When Death Becomes Visible: study reveals the Impact of Death Perception on Aging

By: | June 23rd, 2023

Image by Pixabay

The role of perceptual experiences in aging is a complex topic and an ongoing area of research. While perceptual experiences have been observed to impact aging, the precise mechanisms are not yet fully understood.

The University of Michigan research team previously investigated the phenomenon of “death perception” in fruit flies, Drosophila melanogaster. Their findings revealed that when fruit flies see other dead fruit flies, they undergo accelerated aging. Interestingly, this aging effect is dependent on a specific serotonin receptor.

The researchers reveal the details of this process in their new follow-up study.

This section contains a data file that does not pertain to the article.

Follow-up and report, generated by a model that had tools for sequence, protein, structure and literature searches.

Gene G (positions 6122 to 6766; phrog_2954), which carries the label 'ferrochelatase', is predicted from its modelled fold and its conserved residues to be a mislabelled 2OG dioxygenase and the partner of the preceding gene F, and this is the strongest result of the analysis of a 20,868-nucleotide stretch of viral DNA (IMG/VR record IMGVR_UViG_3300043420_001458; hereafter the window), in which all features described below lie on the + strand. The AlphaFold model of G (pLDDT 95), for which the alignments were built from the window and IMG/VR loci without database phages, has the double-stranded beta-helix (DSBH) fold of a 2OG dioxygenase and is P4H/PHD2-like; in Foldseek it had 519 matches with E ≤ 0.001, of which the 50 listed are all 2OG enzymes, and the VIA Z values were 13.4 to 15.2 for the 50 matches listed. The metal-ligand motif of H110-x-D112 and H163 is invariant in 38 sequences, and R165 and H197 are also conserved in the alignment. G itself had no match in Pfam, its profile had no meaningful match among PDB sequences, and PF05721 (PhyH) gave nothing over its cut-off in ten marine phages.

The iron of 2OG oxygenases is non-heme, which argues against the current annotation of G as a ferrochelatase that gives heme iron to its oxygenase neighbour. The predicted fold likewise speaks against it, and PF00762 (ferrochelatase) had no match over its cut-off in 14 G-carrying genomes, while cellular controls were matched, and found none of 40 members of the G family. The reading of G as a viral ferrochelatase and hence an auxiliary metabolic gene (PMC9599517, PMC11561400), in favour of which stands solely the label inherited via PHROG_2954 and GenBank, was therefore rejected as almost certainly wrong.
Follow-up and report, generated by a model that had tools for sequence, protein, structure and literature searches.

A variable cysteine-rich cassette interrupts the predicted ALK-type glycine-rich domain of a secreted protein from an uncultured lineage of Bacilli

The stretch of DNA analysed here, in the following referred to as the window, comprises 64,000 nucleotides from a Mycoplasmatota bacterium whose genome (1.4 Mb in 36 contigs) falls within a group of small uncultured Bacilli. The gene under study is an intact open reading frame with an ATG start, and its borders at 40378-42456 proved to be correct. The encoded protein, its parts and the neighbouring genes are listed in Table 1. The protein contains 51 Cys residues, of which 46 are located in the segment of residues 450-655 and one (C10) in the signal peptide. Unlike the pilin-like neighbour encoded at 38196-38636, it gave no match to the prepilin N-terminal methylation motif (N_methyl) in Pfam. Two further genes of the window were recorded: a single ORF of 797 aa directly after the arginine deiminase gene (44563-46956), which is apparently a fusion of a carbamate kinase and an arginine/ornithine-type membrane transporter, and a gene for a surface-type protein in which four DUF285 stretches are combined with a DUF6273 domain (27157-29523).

In their new study, researchers established a correlation between death perception and decreased aging in flies. The series of experiments using fluorescent tagging in fruit flies showed that specific brain cells, namely R2 and R4 neurons, become activated when flies encounter dead flies. This increased activity leads to accelerated aging in the flies.

The researchers demonstrated that artificially activating these neurons led to decreased lifespans in fruit flies, regardless of actual death perception. This highlights the potential for targeted drug therapies in humans, aimed at manipulating neural circuits like these to slow down the aging process. Furthermore, exploring these neural mechanisms could provide insights into how perception impacts human physiology.

Understanding the mechanisms related to perception and aging could potentially enable the modulation of lifespan in humans.

Nidhi Goyal

Nidhi is a gold medalist Post Graduate in Atmospheric and Oceanic Sciences.

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